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DrGary
(@drgary)
Active Member
Printing speed vs quality

I've noticed that print quality appears to be dramatically affected by printhead velocity. I'm using the Simplify 3D with it's new (~20180118) profile "Prusa Research Original Prusa i3 MK3." Mk3 firmware=3.1.1 RC5 B150. With the default settings, the printhead moved so fast on the first layer that it didn't stick everywhere and dragged strings around. The original print speeds were

  • Default Printing Speed: 4800.0 mm/min

  • X/Y Axis Movement Speed: 12000.0 mm/min
  • I slowed them down to

  • Default Printing Speed: 1000.0 mm/min

  • X/Y Axis Movement Speed: 1000.0 mm/min
  • and the results were the best prints I've seen so far. Smooth surfaces. No mistakes. I tried speeding it up 2000, but the results weren't as good.

    In the image below, you can see three prints of this Rpi3 case. Each column shows one print of a case top and below it, the matching case bottom. The rightmost top/bottom pair were printed with 2000mm/min. The two leftward pairs were printed at 1000 mm/min.

    Notice the striations on the rightmost pair in the upper left of the case top and bottom: NW/SE diagonal lines of uneveness. Not the NE/SW lines of the print path that is present in all of the prints. Those striations aren't present in the left and middle pairs that were printed at 1000 mm/min.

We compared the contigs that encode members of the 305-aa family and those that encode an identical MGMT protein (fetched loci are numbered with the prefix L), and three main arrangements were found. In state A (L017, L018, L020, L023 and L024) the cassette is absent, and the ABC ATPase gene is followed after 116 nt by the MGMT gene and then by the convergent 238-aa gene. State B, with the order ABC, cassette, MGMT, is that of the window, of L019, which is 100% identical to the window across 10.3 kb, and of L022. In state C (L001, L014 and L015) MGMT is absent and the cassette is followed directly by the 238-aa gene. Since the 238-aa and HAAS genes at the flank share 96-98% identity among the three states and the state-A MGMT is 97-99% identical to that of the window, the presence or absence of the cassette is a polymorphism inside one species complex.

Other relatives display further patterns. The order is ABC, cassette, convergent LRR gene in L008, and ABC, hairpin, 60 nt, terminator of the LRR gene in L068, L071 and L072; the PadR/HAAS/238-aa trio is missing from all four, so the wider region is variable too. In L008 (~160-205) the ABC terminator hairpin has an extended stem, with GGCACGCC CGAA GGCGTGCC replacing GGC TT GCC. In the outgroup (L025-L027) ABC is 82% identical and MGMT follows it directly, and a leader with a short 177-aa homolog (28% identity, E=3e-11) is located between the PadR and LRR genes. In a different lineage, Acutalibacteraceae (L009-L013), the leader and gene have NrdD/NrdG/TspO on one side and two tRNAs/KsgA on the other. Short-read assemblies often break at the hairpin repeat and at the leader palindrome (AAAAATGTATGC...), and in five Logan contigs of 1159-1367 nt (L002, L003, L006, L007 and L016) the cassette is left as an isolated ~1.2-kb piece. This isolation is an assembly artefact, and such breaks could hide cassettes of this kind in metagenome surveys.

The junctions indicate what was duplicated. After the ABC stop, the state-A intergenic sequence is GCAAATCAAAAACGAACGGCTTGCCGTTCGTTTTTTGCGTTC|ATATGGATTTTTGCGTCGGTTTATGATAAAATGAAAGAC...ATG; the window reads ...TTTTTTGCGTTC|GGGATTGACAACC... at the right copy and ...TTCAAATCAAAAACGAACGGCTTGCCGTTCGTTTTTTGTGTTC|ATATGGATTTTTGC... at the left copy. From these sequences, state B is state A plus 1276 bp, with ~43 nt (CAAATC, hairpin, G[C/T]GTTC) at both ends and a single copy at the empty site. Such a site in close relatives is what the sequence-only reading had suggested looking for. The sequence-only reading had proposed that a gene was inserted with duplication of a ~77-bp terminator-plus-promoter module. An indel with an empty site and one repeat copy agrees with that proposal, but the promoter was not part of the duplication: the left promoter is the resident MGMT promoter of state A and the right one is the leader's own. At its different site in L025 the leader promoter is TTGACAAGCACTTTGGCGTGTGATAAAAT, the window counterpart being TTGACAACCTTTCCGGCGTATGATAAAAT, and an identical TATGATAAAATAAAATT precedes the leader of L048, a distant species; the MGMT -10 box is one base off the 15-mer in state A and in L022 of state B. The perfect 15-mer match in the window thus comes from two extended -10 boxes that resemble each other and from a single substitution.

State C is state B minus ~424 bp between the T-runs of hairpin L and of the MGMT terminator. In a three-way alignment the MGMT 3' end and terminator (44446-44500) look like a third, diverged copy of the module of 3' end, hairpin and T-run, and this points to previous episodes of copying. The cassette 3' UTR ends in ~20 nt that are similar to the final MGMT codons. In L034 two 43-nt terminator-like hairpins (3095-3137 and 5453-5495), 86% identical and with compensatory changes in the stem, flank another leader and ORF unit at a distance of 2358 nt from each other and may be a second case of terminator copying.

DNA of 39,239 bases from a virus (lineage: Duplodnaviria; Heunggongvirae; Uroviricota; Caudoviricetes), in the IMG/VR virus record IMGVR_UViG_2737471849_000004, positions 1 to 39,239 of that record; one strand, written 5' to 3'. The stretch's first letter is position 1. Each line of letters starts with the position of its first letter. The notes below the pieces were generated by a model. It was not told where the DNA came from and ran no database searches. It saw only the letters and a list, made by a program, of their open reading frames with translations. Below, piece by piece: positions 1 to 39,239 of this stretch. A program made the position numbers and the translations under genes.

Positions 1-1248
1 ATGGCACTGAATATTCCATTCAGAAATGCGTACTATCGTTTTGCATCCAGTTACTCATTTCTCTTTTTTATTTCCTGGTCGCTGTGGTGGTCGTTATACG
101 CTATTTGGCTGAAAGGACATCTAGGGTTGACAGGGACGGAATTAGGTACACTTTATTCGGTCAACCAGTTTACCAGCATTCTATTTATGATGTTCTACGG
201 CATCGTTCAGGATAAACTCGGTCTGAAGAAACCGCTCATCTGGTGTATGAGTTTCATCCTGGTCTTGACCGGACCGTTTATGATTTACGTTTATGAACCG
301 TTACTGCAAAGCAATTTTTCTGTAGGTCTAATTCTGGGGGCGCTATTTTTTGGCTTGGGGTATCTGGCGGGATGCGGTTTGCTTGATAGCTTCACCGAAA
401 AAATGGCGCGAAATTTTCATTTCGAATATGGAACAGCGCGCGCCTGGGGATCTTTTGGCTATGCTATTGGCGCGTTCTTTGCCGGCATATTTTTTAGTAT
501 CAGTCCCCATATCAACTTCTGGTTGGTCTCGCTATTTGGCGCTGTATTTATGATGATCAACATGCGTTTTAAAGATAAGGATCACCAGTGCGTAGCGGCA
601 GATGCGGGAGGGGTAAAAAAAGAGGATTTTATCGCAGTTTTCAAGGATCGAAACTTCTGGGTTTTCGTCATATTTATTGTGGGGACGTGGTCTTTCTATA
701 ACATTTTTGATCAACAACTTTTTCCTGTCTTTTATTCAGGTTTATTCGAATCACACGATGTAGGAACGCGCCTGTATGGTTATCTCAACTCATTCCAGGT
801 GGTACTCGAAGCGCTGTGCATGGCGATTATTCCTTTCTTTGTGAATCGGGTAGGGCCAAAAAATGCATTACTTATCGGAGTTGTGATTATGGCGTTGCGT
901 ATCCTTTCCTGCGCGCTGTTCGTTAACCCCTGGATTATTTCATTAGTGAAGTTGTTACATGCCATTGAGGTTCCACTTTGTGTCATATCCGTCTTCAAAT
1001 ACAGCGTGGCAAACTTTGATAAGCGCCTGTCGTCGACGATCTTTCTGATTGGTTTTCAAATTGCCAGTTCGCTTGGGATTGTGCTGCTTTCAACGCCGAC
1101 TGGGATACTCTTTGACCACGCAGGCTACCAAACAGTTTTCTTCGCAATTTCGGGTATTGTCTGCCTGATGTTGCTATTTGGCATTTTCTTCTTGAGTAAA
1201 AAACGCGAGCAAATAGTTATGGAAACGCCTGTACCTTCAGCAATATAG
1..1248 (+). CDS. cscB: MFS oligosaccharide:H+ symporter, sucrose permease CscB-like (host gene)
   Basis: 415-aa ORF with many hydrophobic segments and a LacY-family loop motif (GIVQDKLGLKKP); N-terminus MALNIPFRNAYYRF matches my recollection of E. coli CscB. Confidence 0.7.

But even with that small issue, all of these slow prints are much, much better than the normal, much faster settings. There are many fewer defects.

    Questions:

  • How does print speed affect print quality, mechanically? It looks to me like slower speeds give more time for the liquid plastic to squeeze into the empty spaces of the print, making it smoother. Is that right?

  • If the squeezing idea is right, then maybe I could increase the print speed if I also increase the extrusion speed? Has anyone documented the relationship, for example, assuming a linear relationship between them: ie, found k in extrusion_speed = k*printing_speed?

  • Could my results be explained by not having my z offset calibrated right? Should I make the calibration lines a little more flattened?

  • I've seen elsewhere on this forum suggested speed of 200 mm/sec which would be 12000 mm/min. Is that right? That seems way too fast given my results.

  • What print speeds have you found effective?

  • I assume that "Default Printing Speed" means the speed while extruding and "X/Y Axis Movement Speed" is the speed while not extruding. I would think that the X/Y Axis Movement Speed could be much faster. But can increased non-extruding movement speed lead to increased transient effects, such as overshooting the intended destination or ringing, which would decrease print quality?
  • I hope these results help others. I've asked a bunch of questions, so please feel free to answer any one you like by number.

    Posted : 21/01/2018 1:54 am
    stoofer
    (@stoofer)
    Estimable Member
    Re: Printing speed vs quality